General Election 2024: Analysis of resigning MPs reveals upcoming demographic shift in parliament

A flurry of general elections since 2015 has brought an unprecedented churn in our parliamentary representatives. This year, two in five MPs aren't seeking re-election and the picture for the Conservatives is record-breakingly grim.

An unparalleled total of 23% of Conservative MPs are calling it a day in 2024, more than the previous high of 22% of Tories who quit in 1997, another year of boundary changes.

In contrast, only 15% of Labour MPs are resigning.

There are many reasons MPs quit: from retirement, family commitments and health concerns to career change, abolished constituencies, and the prospect of defeat.

But their decision to depart can reveal much about life in Westminster and have a significant impact on parliament's mix of experience, demographics, and the direction of political parties.

Early retirement

Considering all 132 MPs not seeking re-election, age has been a crucial factor. Perhaps unsurprisingly those leaving are on average seven years older than those seeking re-election.

But look a little closer and there's a striking difference between the parties: resigning Conservative MPs are, on average, 10 years younger than their Labour counterparts, at 56 and 66 years old, respectively.

This suggests that while Labour may be experiencing a routine turnover, the Conservatives might be facing a different kind of renewal, driven by political disenchantment and the prospect of heavy seat losses.

So, the next parliament could see a significant influx of Conservative MPs with minimal parliamentary experience, potentially reshaping the party's dynamics as it ponders new leadership and where it stands on policy.

Veteran MPs standing down

Age isn't the only sign of experience. It is just as important to consider when an MP was first elected. Notably, 38% of resigning MPs first entered the Commons between 1974 and 2005. The departure of these MPs raises questions about the development of collective experience.

Interestingly, an almost equal proportion of resigning MPs (30%) have spent less than 10 years in parliament. This mix of long-serving and relatively new MPs stepping down suggests that the life of an MP may be becoming increasingly challenging.

Whether due to the demands of the job, political disenchantment, harassment, or other factors, this highlights the pressures faced by MPs and could signal a significant generational shift.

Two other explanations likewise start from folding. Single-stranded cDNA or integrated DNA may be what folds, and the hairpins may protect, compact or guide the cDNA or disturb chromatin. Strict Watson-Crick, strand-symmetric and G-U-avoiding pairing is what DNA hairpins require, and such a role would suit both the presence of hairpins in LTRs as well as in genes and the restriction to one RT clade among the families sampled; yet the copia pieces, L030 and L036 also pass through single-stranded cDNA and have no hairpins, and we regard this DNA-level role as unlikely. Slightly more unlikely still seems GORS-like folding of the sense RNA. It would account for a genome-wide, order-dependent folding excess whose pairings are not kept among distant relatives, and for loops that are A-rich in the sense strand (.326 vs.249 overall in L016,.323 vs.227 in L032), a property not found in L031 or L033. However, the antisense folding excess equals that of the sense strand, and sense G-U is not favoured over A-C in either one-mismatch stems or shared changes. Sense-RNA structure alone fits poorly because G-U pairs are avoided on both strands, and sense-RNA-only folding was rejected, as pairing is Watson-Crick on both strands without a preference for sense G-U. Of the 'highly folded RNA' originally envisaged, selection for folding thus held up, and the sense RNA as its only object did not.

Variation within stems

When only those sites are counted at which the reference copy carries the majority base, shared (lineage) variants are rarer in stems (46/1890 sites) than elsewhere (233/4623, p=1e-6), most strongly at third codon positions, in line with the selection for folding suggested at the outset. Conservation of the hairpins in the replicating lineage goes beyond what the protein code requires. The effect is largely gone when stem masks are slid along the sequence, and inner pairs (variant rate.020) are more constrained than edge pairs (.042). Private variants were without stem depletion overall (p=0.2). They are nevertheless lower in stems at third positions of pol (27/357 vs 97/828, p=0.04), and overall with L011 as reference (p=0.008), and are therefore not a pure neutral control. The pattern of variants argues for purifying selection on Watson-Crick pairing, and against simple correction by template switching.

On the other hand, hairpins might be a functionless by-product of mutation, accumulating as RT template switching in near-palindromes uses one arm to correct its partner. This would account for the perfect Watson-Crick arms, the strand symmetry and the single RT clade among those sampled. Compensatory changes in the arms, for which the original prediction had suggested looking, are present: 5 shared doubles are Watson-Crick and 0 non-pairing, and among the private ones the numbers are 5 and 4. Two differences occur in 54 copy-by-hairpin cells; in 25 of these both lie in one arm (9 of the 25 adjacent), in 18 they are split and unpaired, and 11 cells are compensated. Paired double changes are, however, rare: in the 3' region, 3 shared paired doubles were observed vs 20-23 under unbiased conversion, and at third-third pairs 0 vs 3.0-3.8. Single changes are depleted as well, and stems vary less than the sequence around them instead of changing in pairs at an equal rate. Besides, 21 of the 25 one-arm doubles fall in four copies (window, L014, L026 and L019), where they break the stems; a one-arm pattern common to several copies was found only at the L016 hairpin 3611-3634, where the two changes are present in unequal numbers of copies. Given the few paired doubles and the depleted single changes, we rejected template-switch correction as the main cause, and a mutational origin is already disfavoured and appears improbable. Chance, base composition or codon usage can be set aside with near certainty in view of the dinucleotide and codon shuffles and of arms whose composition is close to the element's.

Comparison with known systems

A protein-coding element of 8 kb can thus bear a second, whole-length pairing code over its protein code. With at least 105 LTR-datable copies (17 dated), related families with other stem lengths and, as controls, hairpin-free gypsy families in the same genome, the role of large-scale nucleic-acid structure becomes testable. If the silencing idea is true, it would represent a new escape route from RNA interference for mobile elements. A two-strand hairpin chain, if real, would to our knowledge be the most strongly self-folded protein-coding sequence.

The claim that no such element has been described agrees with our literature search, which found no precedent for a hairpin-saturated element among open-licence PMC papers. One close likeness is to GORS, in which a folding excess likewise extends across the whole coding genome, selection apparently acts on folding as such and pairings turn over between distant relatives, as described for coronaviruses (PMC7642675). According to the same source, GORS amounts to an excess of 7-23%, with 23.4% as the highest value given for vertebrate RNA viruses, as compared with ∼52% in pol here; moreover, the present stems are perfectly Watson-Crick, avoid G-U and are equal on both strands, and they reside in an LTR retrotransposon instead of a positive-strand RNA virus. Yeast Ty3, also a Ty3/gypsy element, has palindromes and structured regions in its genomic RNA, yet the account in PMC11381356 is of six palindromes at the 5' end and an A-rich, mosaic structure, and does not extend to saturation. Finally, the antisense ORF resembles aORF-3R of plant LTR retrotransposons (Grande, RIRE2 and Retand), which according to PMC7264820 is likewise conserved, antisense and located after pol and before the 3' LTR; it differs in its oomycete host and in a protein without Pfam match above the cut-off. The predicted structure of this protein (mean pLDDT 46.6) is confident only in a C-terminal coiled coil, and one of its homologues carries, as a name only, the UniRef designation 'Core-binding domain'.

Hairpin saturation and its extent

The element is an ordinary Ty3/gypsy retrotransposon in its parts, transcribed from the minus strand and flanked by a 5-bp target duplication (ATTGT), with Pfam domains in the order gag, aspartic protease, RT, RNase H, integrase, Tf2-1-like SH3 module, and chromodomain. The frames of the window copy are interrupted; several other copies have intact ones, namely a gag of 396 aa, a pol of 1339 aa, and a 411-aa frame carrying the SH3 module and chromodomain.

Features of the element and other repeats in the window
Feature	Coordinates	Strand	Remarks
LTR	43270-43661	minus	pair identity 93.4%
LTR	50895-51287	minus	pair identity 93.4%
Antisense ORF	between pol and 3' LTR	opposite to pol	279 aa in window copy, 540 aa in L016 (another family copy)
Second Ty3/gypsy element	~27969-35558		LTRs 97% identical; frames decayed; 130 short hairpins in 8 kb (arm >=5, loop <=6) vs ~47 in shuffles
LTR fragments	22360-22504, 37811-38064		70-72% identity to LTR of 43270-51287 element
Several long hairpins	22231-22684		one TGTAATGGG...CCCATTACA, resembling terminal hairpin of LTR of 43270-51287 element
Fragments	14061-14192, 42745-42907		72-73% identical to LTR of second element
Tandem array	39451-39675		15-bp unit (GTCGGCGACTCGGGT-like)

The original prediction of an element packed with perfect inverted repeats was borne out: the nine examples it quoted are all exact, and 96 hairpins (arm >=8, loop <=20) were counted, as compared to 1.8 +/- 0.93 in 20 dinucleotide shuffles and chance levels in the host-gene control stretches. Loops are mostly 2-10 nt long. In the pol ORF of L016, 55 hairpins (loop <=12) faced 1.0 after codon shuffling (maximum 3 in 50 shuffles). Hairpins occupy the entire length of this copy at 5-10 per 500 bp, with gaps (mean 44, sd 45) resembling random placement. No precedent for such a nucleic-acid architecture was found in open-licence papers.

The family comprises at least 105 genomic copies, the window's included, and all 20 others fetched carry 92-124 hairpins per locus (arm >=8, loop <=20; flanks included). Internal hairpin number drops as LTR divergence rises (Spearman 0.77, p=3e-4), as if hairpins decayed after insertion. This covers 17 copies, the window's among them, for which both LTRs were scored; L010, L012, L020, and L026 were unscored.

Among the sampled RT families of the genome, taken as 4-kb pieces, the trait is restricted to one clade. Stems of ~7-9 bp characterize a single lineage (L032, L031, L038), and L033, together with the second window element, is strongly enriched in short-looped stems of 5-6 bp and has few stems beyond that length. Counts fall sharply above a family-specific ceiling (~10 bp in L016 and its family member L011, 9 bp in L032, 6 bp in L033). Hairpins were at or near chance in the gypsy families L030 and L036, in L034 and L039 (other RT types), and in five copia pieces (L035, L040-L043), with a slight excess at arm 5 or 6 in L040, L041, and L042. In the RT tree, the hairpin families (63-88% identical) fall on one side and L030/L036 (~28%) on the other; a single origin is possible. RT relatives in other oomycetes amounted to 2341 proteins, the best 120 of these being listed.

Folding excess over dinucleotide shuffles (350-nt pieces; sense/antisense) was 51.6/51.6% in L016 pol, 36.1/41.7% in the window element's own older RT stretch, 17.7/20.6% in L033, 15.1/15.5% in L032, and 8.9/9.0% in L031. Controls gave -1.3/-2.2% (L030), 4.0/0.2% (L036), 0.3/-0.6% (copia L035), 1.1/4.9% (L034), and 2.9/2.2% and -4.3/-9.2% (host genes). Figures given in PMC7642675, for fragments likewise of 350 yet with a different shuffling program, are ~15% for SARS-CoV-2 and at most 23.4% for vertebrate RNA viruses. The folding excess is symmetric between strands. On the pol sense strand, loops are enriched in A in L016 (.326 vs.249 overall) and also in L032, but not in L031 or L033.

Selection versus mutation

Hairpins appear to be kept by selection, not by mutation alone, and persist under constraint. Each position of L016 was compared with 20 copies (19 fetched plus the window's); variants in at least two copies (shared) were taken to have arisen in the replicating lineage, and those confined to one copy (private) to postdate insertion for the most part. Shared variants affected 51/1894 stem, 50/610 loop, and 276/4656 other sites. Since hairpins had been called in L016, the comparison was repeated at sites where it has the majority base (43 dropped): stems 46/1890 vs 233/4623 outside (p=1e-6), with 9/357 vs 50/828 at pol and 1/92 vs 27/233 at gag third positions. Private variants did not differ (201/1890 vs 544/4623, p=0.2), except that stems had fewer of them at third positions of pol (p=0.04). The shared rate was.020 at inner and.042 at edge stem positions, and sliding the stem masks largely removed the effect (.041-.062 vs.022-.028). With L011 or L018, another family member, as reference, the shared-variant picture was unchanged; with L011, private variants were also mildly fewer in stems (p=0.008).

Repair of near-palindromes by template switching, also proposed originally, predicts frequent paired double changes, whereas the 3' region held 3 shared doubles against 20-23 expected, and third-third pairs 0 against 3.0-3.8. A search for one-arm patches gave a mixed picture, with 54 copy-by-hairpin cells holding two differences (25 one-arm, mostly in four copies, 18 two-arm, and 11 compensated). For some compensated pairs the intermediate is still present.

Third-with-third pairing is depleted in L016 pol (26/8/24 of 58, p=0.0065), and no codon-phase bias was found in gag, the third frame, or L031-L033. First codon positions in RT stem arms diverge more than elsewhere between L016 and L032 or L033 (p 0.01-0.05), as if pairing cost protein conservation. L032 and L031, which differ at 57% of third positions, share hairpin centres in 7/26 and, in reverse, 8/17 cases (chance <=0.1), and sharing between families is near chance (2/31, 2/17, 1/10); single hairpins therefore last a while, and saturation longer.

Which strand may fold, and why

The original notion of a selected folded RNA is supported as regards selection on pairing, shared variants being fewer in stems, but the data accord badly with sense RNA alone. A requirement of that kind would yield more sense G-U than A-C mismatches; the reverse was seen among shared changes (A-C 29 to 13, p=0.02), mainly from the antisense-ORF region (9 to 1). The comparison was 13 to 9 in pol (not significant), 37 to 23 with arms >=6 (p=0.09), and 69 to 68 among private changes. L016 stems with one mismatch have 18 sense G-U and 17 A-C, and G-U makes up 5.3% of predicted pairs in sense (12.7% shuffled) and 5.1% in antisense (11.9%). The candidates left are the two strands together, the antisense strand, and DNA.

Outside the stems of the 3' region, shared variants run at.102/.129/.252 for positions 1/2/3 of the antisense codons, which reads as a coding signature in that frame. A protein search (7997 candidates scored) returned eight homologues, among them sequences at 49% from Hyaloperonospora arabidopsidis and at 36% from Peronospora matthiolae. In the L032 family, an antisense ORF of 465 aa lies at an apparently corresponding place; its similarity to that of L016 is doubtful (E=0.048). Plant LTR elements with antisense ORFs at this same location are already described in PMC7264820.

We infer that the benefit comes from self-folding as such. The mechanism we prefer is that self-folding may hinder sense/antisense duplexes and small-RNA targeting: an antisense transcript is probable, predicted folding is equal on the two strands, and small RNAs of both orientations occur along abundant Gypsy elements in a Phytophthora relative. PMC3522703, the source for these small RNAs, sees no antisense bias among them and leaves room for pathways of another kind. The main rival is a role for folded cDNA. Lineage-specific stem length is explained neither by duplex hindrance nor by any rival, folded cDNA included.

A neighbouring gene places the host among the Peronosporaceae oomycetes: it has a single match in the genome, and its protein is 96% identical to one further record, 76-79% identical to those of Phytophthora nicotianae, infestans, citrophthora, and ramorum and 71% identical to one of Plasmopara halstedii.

Both Dehanna Davison and Mahri Black have spoken about the challenges of working as Members of Parliament. Ms Davison quoted in her letter of resignation that her chronic migraines make it difficult to plan work ahead and that she was afraid to be perceived as weak if she had to cancel events due to migraine episodes. Ms Black cited safety concerns, social media abuse and unsociable hours as she explained her decision to step down.

Their stories also indicate the difficulties faced by women MPs specifically.

While a smaller proportion of women MPs (15%) than men (23%) are resigning in 2024, more than half of them (52%) have spent less than 10 years in the job, compared with 23% for men.

Recent research has found that prominent young women MPs are more likely to attract abuse, harassment and intimidation. This, together with the higher structural barriers faced by women to participate in electoral politics may be driving the turnaround.

While a record number of women stand for election, also a significant number of women resign.

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An analysis of Democracy Club's most recent dataset of candidates for the 2024 general election suggests that the proportion of women selected to stand for parliament remains relatively stable - around a third (34% in 2019 and 32% in 2024).

Among the major parties, 31% of Conservative candidates are women, while Labour boasts a higher figure at 47%.

Although Labour's current percentage represents a slight decline from 2019, when 53% of their candidates were women, it is still a strong showing.

So, we will likely see a significant proportion of women elected on 4 July. Notably, if Labour secures victory, it will mark the first time a substantial number of women would be in government, reflecting a shift towards greater gender representation in UK politics.

Since 21% of them are standing for the first time, let's hope that more experienced incumbent MPs will make them feel welcomed in politics.

Dr Sofia Collignon is an associate professor in Comparative Politics at Queen Mary, University of London and an expert in the study of candidates, elections and parties and gendered violence against political elites.